Berry Seeds

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Displaying seeds 16 - 30 of 49 in total
  1. GOLDEN BERRY 'GIGANTE'

    Tall, erect, sticky-haired stems carry sizeable 'paper lanterns' which contain the largest and juiciest fruits of all the golden berries. This is the physalis variety sold at inflated prices in supermarkets and used to adorn expensive desserts in restaurants. ... Learn More

    $3.37

    (25 seeds)

  2. GOLDEN PEARLS (GOLDEN WONDERBERRY)

    This fast-growing, newly discovered tomato relative from the Solanaceae family produces clusters of sweet, yellow or orange berries, (which bear a striking resemblance to yellow currants but are no relation), on long dividing stems which carry slightly hairy leaves. It can be grown in a container, when the plant will produce fruit very quickly indeed, whilst very small, or in the open ground or greenhouse when the plant will carry on growing and producing fruit all summer long and right into the autumn. Unripe berries should definitely not be eaten. This completely new introduction to Wester ... Learn More

    $3.75

    (50 seeds)

  3. GOOSEBERRY HINNONMAKI (DESSERT)

    Delicious, sizeable, sweet fruits, the size of damsons, ripen in mid summer on these easy-to-grow plants. They are best left on the bush until they turn yellow when they lose their sharpness, turning very sweet indeed. These delicious fruits can be grown in a wide variety of climates, and are especially valuable because of their extreme hardiness. These gooseberries can be preserved in the form of jams, or stored in sugar syrup. In the UK they were particularly popular before fruit was imported in quantity from elsewhere, as they constituted the first available fresh fruit of the year. Some of ... Learn More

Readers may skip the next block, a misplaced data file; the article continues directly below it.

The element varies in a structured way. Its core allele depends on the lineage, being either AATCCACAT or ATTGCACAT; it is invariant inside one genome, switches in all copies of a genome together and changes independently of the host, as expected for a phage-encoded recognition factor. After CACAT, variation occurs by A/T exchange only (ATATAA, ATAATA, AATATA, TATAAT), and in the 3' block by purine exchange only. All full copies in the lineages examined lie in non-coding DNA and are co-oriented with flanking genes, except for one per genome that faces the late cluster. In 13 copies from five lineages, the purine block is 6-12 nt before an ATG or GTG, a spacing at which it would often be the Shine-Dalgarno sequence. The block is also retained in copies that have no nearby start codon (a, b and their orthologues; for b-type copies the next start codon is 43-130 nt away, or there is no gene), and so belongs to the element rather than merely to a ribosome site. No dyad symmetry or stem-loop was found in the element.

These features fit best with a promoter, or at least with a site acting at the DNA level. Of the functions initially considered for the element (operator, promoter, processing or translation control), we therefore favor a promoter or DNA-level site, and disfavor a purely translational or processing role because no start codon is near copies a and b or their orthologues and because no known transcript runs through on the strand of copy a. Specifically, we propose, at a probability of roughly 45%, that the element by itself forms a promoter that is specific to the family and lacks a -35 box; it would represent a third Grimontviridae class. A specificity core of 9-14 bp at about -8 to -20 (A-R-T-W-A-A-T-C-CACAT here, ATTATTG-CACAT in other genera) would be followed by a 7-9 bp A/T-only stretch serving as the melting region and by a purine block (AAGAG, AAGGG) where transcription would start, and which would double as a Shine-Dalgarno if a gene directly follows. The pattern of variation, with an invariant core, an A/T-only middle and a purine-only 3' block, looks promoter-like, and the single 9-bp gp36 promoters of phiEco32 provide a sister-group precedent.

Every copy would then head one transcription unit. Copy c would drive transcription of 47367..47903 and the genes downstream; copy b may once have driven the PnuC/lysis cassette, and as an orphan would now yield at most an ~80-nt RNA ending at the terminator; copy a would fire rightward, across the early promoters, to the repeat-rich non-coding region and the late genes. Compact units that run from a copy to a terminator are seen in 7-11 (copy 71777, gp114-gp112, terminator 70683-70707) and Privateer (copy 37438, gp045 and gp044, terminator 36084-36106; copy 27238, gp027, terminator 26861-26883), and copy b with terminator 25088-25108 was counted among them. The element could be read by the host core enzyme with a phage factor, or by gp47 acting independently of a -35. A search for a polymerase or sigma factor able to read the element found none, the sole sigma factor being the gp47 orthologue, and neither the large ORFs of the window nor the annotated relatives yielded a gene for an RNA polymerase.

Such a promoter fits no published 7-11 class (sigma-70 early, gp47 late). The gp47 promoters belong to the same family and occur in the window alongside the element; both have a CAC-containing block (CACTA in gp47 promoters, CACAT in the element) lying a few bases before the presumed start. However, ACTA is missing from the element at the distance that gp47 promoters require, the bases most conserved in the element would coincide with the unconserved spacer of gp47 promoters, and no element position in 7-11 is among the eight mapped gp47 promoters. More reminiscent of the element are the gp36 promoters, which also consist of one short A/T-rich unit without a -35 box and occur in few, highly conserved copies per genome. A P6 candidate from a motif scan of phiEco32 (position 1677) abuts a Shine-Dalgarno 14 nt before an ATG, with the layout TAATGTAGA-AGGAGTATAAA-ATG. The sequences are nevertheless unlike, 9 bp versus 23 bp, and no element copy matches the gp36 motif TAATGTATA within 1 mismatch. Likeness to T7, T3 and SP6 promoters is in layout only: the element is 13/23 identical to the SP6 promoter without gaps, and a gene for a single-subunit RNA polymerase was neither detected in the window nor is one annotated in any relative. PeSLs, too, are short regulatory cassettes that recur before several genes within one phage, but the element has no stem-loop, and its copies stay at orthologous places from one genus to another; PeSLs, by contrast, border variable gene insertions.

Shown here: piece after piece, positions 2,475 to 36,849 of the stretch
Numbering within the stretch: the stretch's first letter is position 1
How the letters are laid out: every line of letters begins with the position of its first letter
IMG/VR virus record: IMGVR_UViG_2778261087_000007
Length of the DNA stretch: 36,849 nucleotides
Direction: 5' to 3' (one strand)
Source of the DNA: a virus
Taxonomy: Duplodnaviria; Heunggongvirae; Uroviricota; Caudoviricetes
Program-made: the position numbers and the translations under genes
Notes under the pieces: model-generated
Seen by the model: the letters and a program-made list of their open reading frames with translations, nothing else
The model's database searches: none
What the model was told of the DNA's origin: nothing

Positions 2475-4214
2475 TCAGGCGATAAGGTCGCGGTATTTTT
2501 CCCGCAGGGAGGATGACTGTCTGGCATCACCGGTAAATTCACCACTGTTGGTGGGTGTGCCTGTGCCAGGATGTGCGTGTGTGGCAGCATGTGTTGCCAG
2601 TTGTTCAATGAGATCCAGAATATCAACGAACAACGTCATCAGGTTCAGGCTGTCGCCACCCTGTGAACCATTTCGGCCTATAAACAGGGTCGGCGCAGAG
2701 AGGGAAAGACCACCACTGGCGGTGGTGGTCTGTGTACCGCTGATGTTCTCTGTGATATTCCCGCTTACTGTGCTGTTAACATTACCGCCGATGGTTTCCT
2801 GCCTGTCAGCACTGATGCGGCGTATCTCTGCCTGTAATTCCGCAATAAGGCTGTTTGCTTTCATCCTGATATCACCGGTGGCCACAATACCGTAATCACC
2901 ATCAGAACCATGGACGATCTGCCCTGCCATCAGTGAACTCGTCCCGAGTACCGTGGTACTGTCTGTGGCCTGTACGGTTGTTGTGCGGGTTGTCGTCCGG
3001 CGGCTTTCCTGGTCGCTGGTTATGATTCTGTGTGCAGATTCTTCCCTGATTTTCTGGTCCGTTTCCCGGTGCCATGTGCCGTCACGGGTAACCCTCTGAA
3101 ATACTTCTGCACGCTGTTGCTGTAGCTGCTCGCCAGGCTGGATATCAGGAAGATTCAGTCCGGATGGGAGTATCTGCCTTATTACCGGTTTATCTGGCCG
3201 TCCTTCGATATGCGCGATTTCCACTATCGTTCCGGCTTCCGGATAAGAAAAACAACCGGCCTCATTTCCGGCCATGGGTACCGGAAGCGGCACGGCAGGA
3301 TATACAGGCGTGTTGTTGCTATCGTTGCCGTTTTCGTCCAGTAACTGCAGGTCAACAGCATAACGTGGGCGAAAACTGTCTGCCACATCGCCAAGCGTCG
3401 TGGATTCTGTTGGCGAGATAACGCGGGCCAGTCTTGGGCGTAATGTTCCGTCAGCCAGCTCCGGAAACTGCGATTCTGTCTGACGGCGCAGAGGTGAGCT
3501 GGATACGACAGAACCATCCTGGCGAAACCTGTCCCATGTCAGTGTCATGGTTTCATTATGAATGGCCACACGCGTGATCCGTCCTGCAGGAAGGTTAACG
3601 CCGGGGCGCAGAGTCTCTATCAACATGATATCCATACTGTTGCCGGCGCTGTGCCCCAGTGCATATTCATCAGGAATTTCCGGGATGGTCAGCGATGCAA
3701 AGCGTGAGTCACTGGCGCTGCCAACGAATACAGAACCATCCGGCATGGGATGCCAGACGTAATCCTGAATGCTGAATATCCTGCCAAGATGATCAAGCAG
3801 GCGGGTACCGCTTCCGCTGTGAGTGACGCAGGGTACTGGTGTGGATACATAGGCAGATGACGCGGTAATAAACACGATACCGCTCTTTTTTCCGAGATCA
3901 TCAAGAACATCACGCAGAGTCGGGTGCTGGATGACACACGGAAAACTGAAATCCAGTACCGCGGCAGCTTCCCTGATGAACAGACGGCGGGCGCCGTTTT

$3.37

    (10 seeds)

  4. GRAPE MADELEINE ANGEVINE

    Although a number of grape varieties can be successful in Britain. ‘Madeleine Angevine’ white eating grapes are amongst the most prolific fruiting and also the earliest to ripen and thus are suitable for northern areas. They are also used commercially for wine-making as they bear such heavy crops. They always do best planted against a south-facing wall or fence (in the northern hemisphere) when they can obtain up to a three week ripening advantage over crops grown in other situations. Plants grown from these seeds will vary so it is advisable to initially grow several in the same situation an ... Learn More

    $3.37

    (15+ seeds)

  5. HUCKLEBERRY

    Unlike wonderberries or blueberries, the easy-to-grow huckleberry will need cooking, as they are bitter when raw and unsweetened,although some people do eat them when they are ripe and soft. But a real culinary miracle occurs when you cook and sweeten this variety of garden huckleberries! In America they are traditionally used to make delicious pies and jams but for some reason, elsewhere in the world they have never really caught on. Please don't forget, do NOT eat when unripe, as with many fruits, they can give you severe tummy-ache even in small quantities. ... Learn More

    $3.37

    (200 seeds)

  6. JAPANESE WINEBERRY